This month the North Bay office market’s inventory is at 40.8 million sq. ft., slightly up from last month but holding flat, with approximately 147,000 sq. ft. under construction. This is way down from last month’s 17.2 million sq. ft. of office space. The 12-month net absorption rate is also down, at 56,000 square feet. The vacancy rate is at 7.8 percent and expected to hold there.

For the industrial market, 106 million sq. ft. of space is in the inventory, with more on the way, and the space under construction is also rising, at 2.1 million sq. ft., over a million more than last month. The 12-month net absorption is at 206,000 sq. ft., and the vacancy rate is at 3.9% and declining.

There are 65.6 million sq. ft. of retail space available, the same as last month, and the sq. ft. under construction also hasn’t changed at 72,000 sq. ft. but on a downward trend. The 12-month net absorption rate is way down at 22,000 square feet. Vacancy rates are down slightly from last month, at 3.5%, but expected to rise.

The multifamily market is up to 60,000 units available in the inventory. Construction is on the downswing here, at 542 units. The 12-month net absorption rate averages just 63 units across the North Bay area and is on the rise, with a rising vacancy rate of 5.2%.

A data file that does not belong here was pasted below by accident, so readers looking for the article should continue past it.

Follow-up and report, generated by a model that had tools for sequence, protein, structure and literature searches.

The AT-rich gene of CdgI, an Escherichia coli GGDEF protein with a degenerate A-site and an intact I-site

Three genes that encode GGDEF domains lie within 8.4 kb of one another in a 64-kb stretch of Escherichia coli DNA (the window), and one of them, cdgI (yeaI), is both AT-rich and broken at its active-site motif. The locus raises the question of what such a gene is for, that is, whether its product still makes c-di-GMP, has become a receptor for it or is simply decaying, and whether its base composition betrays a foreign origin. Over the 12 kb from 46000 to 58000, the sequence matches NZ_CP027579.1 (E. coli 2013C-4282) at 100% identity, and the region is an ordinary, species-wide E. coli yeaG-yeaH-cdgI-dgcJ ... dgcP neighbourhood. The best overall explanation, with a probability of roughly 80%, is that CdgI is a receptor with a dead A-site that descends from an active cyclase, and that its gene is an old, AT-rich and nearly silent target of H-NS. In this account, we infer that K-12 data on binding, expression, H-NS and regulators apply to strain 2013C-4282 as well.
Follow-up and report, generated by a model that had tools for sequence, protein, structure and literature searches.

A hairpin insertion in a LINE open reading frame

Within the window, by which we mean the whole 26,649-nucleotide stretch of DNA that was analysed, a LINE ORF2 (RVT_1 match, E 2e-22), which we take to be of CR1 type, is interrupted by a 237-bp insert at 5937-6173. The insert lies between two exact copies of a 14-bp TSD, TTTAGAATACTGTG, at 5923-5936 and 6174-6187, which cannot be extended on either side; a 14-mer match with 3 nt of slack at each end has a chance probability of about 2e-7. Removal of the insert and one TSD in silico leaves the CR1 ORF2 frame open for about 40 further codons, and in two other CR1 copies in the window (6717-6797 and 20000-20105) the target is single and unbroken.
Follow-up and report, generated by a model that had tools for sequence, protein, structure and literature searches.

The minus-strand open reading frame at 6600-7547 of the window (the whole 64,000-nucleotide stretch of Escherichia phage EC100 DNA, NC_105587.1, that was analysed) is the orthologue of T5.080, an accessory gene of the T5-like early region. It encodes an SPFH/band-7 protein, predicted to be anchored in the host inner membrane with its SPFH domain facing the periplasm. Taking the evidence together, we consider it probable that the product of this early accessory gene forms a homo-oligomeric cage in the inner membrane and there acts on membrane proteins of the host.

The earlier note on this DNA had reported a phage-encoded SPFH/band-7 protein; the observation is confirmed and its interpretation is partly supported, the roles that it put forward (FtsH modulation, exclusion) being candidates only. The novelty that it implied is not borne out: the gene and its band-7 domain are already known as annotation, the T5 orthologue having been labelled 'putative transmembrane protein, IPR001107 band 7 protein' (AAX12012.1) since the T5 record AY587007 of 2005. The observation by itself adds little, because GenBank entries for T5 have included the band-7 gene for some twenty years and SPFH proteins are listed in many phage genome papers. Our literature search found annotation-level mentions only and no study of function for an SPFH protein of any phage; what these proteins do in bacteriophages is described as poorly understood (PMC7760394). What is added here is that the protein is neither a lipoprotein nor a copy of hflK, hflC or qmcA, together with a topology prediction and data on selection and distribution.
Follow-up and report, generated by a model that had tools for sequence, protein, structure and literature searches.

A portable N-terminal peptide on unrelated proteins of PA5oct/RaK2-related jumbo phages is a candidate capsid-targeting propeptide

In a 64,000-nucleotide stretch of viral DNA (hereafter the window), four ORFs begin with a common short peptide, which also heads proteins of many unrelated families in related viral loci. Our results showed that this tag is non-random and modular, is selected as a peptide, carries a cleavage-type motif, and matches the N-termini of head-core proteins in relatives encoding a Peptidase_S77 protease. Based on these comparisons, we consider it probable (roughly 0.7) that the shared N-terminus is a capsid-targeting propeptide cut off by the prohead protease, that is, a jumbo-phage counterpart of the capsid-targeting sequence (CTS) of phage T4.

The North Bay market includes Santa Rosa, Napa, Vallejo, Fairfield, San Rafael, Marin, and more; for more detailed updates or to find out how the North Bay’s submarkets are doing, contact one of our advisors. Whether you’re interested in officeindustrialretail, or multifamily properties, we can help.

Data source: CoStar Analytics

Market Pulse: South Bay, September 2019

Welcome to the NAI Northern California’s “Market Pulse” feature. We checked the pulse of the South Bay commercial real estate market to discover the ups and downs of the office, industrial, retail, and multifamily markets. Each market has four dimensions: current inventory, under construction, 12-month net absorption, and vacancy rate.